Chen SHEN 沈辰
Royal Ontario Museum 皇家安大略博物館

Objects in Art and Archaeology and Objectivizing Early History of China in Museums

Subjects of museums' exhibitions and galleries are objects. In most art museums, objects are treated naturally as arts. Defining arts within contents of ancient history sometimes could be problematic and challenging. This paper explores practices in museums of art and history of how early history of China can be objectivized, in addition to being contextualized. Objects can be, and should be, classified and viewed both as artworks and as functional utensils that were created in times of ancient civilizations. However, interpretations of ancient objects do not necessarily contextualize ancient history when those objects in exhibitions and galleries was simply displayed in historic chronologies with labels of archaeological contents. This paper argues objectification of early creations in art and archaeology while displaying and interpreting objects in museums.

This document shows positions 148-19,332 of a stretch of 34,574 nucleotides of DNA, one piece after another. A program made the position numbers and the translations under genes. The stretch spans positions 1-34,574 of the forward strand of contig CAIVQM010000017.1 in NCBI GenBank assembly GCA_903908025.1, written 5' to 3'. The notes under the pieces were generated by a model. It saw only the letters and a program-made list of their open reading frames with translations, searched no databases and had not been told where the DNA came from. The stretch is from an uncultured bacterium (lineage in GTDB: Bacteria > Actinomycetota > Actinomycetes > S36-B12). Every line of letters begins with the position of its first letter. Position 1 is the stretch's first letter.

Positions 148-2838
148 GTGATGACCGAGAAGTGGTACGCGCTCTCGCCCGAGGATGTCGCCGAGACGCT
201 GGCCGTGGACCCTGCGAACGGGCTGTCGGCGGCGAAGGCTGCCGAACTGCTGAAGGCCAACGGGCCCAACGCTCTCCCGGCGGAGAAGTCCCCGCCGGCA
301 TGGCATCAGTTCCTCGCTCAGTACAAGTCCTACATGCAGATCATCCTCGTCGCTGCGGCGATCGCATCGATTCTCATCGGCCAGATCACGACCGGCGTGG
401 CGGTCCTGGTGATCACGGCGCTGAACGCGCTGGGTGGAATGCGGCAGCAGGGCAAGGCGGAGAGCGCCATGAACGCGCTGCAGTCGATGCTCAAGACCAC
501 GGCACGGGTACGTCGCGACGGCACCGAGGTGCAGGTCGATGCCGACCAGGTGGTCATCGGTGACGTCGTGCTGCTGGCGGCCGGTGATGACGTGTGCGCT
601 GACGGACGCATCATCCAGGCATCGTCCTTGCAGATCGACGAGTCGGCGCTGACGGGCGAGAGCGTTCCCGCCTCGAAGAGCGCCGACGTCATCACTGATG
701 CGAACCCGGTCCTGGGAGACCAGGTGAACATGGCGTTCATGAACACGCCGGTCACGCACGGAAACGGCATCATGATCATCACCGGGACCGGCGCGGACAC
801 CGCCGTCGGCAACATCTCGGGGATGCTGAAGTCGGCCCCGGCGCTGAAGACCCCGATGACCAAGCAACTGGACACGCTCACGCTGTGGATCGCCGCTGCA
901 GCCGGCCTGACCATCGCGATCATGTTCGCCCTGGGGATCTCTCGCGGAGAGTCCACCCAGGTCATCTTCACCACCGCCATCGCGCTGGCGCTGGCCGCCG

The purpose of re-thinking of ancient objects in displays is derived from public engagements as current trends in museum practices. When objects in art and archaeology are interpreted in very different, some times obscured, ways with tools of social media, museum curators should utilize exhibits and programs to provide a multi-faced and multi-layered meanings of objects linking to early history that might be in process objectivized. Three integral process of presenting ancient objects of early history appealing to general audiences can be re-considered: 1) objects in visual arts following principals of archaeological content; 2) objects in archaeological contents following design principals; and 3) objects in art designs and archaeological contexts following needs and interests of publics. Therefore, the foundation for this new approach of museums' displaying ancient objects is to identify public interests (especially in non-Chinese communities) in Early Chinese history.